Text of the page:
The Hollywood Reporter: You made a hilarious, new 74-minute version of your X-rated 1972 cult film Pink Flamingos, rewritten as a “desexualized sequel” — a children’s movie with an all-kid cast. Why did you decide to exhibit the video here, in this way?
John Waters: I don’t think of it as the next movie in my filmography at all.I don’t want it showing in a movie theater where people have to come in and take a seat and have to watch it straight through. You understand what the piece is if you watch it for 20 minutes.
The Hollywood Reporter: Tell me a little bit about how you reconcile your work in the worlds of art and of film, pop and pulp culture?
John Waters: I have gone to great lengths in my career to keep my art career and my film career completely separate. But my art work is as equal to me as making movies.
Interview, 2015, The Guardian~
Interview, 2004, BOMB~ http://bombmagazine.org/article/2628/john-waters
John Waters: Born April 22, 1946~
National Portrait Gallery Collection~
Queen Elizabeth II: Her first year~
Why Queen Elizabeth Has Two Different Birthdays~
More Queen Elizabeth here~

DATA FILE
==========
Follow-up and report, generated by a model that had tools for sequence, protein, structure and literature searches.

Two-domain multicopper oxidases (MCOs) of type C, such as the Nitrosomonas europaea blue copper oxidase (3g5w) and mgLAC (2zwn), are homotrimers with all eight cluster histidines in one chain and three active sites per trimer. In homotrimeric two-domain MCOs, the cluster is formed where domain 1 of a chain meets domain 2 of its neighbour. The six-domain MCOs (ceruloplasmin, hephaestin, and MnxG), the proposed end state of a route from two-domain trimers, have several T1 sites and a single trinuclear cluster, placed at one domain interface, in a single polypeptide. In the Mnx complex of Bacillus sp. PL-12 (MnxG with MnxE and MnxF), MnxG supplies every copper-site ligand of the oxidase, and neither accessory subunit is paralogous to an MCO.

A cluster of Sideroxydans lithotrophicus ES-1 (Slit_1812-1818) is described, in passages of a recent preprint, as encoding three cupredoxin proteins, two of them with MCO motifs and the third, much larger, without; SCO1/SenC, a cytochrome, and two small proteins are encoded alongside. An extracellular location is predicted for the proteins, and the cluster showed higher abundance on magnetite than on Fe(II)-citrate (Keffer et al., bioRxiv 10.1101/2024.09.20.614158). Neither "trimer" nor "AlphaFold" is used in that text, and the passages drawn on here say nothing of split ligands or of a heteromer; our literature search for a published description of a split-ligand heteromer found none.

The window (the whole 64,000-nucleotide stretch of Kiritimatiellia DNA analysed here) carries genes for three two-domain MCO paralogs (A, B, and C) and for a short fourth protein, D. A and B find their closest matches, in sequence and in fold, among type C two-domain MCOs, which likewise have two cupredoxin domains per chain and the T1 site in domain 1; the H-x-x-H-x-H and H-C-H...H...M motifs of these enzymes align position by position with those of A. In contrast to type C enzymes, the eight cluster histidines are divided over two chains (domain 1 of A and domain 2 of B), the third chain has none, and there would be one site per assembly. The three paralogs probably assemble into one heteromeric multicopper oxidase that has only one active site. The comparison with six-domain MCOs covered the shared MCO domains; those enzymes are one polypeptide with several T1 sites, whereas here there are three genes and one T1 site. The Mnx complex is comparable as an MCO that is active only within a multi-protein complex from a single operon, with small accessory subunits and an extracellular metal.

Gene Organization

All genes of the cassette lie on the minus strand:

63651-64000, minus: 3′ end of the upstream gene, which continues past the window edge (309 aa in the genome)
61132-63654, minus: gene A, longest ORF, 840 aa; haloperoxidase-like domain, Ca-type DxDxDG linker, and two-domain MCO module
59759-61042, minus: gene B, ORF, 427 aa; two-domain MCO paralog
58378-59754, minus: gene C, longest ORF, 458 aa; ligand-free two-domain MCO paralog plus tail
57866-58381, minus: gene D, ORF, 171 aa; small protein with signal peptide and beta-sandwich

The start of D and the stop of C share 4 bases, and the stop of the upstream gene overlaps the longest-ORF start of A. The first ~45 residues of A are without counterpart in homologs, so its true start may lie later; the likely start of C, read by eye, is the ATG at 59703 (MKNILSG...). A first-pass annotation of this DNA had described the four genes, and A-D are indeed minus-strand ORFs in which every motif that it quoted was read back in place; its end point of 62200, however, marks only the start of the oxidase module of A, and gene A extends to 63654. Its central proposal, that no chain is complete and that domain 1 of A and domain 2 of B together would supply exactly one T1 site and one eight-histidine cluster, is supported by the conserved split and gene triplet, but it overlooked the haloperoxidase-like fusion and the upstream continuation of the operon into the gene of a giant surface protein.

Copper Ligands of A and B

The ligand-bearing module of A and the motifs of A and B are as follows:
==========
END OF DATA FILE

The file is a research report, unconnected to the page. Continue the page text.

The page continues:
Contemporary Art Gallery Online announces their 4th Annual International “Figurative / Portrait” Online Art Competition for the month of April 2016. Contemporary Art Gallery Online encourages entries from all 2D and 3D artists regardless of their experience or education in the art field. A group exhibition of all entrants will be held online at Contemporary Art Gallery Online during the month of May 2016. Awards will be given for t
“Wisdom” by Wendy Layne
he top 5 chosen winners in the Paintings, Photography/Digital Art and Mixed Media Categories. In addition to the winning images, depending on the amount and the quality of the entries received, Honorable Recognition awards will also be presented. This competition closes April 30, 2016. Winners will be announced on May 16, 2016.
Prizes include Memberships to Contemporary Art Gallery Online, Radio Interviews, Inclusion in the Year End Anthology Publication, Extensive Marketing and much more. Our Radio…